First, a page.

Martin students fill the halls everyday doing their best to show up fully for their classes and activities. Putting your best foot forward can be difficult when you don’t practice finding a comfortable pace, and expectations can be quite a strenuous thing. Along with the many valuable skills and life lessons students are able to gain, learning how to create routines and, or rituals that work for the individual Warrior is one of them.
Being in tune with your needs can be a difficult thing to take into consideration when you feel overwhelmed by your commitments and goals, but according to students it’s all about simply getting started.
“I always start habits by at first forcing myself to get up and complete it, but after about a week or two it simply becomes a routine in the morning and night,” senior Kirstyn Dickey said.
While getting started on a routine can be difficult, it comes with high reward.
“Following a routine has made me feel more organized,” senior Kate Atkins said. “By sticking to a schedule, I can accomplish a lot more.”
Figuring out ways to take the time to tend to your needs can be a necessary element in assuring that you don’t become drained while trying to juggle different aspects of your life.
“Personally self- care is a big deal for me since I have to take care of myself physically and mentally while also being drained in my work and life outside of school,” Dickey said. “Self- care can be the thing that lets you take a step back and breathe.”
The assurance that committing to a routine brings, makes it all the more worthwhile. Consistency brings peace of mind, and helps in eliminating anxiety and stress.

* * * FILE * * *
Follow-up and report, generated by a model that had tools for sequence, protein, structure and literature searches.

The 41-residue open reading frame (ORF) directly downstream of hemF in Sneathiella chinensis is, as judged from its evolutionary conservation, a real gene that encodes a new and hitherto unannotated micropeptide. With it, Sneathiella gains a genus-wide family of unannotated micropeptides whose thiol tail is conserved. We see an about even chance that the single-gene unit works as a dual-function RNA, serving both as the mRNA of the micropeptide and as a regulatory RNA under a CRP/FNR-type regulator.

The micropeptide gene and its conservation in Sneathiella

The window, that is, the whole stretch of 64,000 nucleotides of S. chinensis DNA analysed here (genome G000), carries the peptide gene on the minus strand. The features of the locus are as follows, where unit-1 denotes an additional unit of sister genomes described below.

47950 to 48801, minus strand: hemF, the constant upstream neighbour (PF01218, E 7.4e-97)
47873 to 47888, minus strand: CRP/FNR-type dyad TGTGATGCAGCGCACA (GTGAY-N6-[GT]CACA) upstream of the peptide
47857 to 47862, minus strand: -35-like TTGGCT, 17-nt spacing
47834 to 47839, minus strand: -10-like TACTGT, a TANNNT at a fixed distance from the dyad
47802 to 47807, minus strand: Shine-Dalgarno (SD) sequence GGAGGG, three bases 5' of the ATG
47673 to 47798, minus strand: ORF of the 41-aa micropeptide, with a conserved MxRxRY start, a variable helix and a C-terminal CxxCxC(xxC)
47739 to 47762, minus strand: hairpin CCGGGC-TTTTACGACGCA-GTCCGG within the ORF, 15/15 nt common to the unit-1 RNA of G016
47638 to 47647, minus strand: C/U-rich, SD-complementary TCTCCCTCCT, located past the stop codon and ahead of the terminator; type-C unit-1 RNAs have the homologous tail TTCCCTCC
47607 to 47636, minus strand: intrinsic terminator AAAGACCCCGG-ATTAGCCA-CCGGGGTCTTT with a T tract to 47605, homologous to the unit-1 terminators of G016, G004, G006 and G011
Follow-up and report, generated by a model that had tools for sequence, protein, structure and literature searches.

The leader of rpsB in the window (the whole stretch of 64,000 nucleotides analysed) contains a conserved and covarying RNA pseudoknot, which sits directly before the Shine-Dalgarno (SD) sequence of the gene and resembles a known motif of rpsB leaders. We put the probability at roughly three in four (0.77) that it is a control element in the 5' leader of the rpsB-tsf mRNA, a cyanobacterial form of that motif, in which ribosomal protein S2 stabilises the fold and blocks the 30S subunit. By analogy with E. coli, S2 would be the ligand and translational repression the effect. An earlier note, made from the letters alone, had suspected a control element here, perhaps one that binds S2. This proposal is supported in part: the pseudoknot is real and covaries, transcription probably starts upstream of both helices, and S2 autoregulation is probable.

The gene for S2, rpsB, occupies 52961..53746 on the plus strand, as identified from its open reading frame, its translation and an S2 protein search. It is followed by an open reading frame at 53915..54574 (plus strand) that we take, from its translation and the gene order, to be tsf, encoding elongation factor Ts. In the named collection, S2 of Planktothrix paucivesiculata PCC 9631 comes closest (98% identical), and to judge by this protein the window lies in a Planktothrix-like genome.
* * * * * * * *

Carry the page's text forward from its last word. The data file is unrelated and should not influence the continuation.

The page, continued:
“I set everything out the night before or put it already in my vehicle before I go to bed,” soccer coach Sabina Harrington said. “I can just lay down with more calmness and not think of things running through my mind, so it allows me to relax better in the evening.”
It’s important for students to understand that while they may have some sort of structure in place, taking the time to also consider what they need to accomplish for their health is a part of maturing. While it can be easy to only view strength in the physical sense, it’s significant for students to learn that strength often comes from within. Being able to fuel one’s body, mind, and spirit is essential in being “Warrior Strong,” but also beyond our halls.
“In a routine, I’m not just taking care of getting my workout and schoolwork done, but allowing time to take care of myself,” Atkins said. “Such as setting time aside to relax or take a nap.”
As students open up about their routines, the discussion of patience and grace takes its presence.
“Being totally transparent, I don’t always let myself take a step back during the week because of the way my brain forces me to get more and more done,” Dickey said. “Although I do try to take at least 30 minutes to myself a day, it can become difficult and I do see the results of not taking breaks by the end of the week.”
It can take time to establish a routine that works for you, so continuing to make an effort to build yourself up is important. Creating that relationship with oneself now can positively affect future relationships.
“Starting my routine of waking up at 5:50 was a struggle,” senior Carsen Clark said. “But you just have to really commit and it gets easier everyday until it becomes a habit.”
With spring around the corner, the idea of growth and rebirth fills the crisp air. As students move through the second semester, it can be a great time for students to implement routines or new rituals in their lives. Feeling grounded and having a plan can be the perfect recipe for success, and be uplifting as we look forward to the start of spring.
“Following a routine has helped me stay calm and grounded throughout this year,” Clark said. “It allows me to have structure which I personally thrive in.”